From Illinois News Network
The Illinois House passed several measures meant to fill a current budget shortfall of more than $1.5 billion. House Speaker Mike Madigan says 80 percent of the correction comes from special funds being swept. The remainder of the funds come from cuts with three notable exceptions that remain uncut.
“These would be developmentally disabled, mental health and The Autism Program. At the same time in a later bill we will address the current need for additional funding in child care, at the Department of Corrections to make payroll and in the area of court reporters for the court system.”
Madigan says the bills are not perfect. A spokesperson for Senate Democrats says Senate President John Cullerton “will be meeting with his caucus to measure support for passage” and there will be a subject matter hearing Tuesday evening. The earliest the bills could make the Senate floor for a vote is Thursday.
Failsafes in place for current fiscal year
The passage of the measures comes with some failsafes. Democratic Representative Barbara Flynn Currie says if federal dollars would be kept from the state in the face of a possible fund sweep, the money would stay in the fund. Currie also says there is no borrowing to cover the budget hole.
“Which is important if the goal is to make sure we start the next budget year discussions without being encumbered by earlier responsibilities.”
Currie says the measures pale in comparison to the funding issues for the next fiscal year that starts in July. But, Democratic Representative Jack Franks says he’s bothered by the process, which he felt was not open.
“I don’t want to go back to the days when George Ryan did the budgets and they were all behind closed doors, when we have these agreements, because I believe the Speaker has really opened up the process in the last few years and I’d like to see it remain so.”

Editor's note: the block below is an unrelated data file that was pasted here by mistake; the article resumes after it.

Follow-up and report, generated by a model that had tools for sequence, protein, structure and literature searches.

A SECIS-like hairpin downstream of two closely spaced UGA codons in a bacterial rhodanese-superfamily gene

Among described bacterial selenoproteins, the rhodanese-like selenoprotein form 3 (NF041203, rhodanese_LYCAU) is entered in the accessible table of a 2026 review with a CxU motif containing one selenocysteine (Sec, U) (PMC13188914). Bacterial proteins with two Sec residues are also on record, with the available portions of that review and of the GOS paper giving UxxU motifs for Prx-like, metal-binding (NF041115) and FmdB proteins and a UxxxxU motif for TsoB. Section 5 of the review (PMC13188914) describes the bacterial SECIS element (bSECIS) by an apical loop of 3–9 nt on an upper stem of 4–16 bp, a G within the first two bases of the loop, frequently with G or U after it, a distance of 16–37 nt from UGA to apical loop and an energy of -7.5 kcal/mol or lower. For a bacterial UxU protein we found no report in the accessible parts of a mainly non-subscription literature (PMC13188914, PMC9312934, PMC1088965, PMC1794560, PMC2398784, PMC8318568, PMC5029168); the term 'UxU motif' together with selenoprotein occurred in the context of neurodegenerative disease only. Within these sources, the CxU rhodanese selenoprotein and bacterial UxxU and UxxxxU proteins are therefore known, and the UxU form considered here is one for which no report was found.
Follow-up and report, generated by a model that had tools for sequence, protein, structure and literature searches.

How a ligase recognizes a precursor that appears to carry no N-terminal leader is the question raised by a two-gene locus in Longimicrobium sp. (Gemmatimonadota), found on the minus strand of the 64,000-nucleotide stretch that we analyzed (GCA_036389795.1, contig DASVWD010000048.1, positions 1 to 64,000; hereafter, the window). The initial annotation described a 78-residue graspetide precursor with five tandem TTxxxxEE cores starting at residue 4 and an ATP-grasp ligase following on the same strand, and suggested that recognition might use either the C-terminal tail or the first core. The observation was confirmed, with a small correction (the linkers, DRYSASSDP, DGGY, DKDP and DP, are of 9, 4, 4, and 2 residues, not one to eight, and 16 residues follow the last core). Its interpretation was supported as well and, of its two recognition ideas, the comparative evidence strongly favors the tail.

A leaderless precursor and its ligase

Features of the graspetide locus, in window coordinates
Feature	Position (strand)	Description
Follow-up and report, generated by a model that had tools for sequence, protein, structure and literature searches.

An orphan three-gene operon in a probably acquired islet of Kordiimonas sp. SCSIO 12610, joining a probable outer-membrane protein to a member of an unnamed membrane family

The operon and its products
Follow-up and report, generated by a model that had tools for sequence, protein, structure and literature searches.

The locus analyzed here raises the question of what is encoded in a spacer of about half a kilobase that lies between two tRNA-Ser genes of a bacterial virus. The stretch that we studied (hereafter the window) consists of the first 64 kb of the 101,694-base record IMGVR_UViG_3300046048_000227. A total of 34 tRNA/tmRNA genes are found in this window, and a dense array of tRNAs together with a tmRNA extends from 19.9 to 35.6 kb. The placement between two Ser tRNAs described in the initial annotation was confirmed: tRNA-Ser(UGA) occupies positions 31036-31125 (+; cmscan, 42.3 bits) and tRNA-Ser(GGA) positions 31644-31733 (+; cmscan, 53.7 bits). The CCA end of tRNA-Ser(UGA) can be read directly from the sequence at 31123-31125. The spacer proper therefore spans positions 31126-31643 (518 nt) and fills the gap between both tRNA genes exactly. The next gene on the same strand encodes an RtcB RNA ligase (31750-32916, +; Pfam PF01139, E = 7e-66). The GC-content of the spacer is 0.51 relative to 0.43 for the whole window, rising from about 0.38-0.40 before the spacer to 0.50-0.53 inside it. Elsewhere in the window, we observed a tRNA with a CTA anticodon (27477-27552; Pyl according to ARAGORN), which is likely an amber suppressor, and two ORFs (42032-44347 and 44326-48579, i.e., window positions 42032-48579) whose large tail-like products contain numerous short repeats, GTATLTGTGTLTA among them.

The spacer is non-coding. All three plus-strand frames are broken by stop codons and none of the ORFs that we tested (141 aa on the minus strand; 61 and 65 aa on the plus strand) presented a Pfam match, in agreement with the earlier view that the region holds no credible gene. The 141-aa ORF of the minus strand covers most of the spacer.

Franks says he learned the particulars of the bill reading a blog with insider information, not from an open process. Franks ultimately voted for the measures.
Opposition to current budget year fix
Not everyone is on board with the measures to fill the current fiscal year budget shortfall of more than $1.5 billion. The two measures that passed the House Tuesday did so with more than forty-five no votes each.
Representative Robert Martwick says he voted no because of policy and process. Martwick says lawmakers moved to sweep from funds that had a specific purpose. Regardless of the funds not having to be paid back in the current fiscal year, Martwick says it will cost somewhere.
“Inevitably, one way or another, we’re going to pay for that. So again, it wasn’t really — it plugged the hole with chewing gum but it certainly not a permanent patch.”
Martwick also decried the process he says was not as open as it should be.
“This bill was filed late last night, it was the first bill called on the floor, and none of us had really any information about it. To me that subverts the democratic process and I don’t’ think it’s proper. I don’t think the bill had the right amount of vetting.”
All but one republican representative voted yes for the measure. Representative Joe Sosnowski was not on the House floor Tuesday.
Coalition opposes Road Fund sweep
In a statement released before the House floor vote Tuesday the Transportation for Illinois Coalition said they oppose the proposed Road Fund sweep saying “every dollar in the Road Fund is needed for maintenance and repair.”
The Coalition says previous sweeps and diversions have already contributed to the decline in the condition of the state’s transportation network and the proposed sweeps would only add pressure for policy makers to craft a comprehensive and sustainable funding solution for transportation projects for the years ahead.
Several Democratic representatives, including Brandon Phelps and Robert Martwick, pointed to the Road Fund sweep as part of their opposition to the measures.
Chicago Police using controversial cell phone intercepting tech
The Chicago Sun Times reports the Chicago Police Department has used a device known as StingRay since 2005, spending hundreds of thousands of dollars on equipment and technical support.
A source tells the Sun Times the high tech device is used for investigating kidnappings, murders and other serious crimes, but activists worry they could be tracked during political protests.
CPD isn’t the only law enforcement entity in Illinois to utilize the cell phone tower mimicking devices. Documents obtained through the Freedom of Information Act indicate Illinois State Police have spent hundreds of thousands of dollars on cell phone intercepting technology since 2008.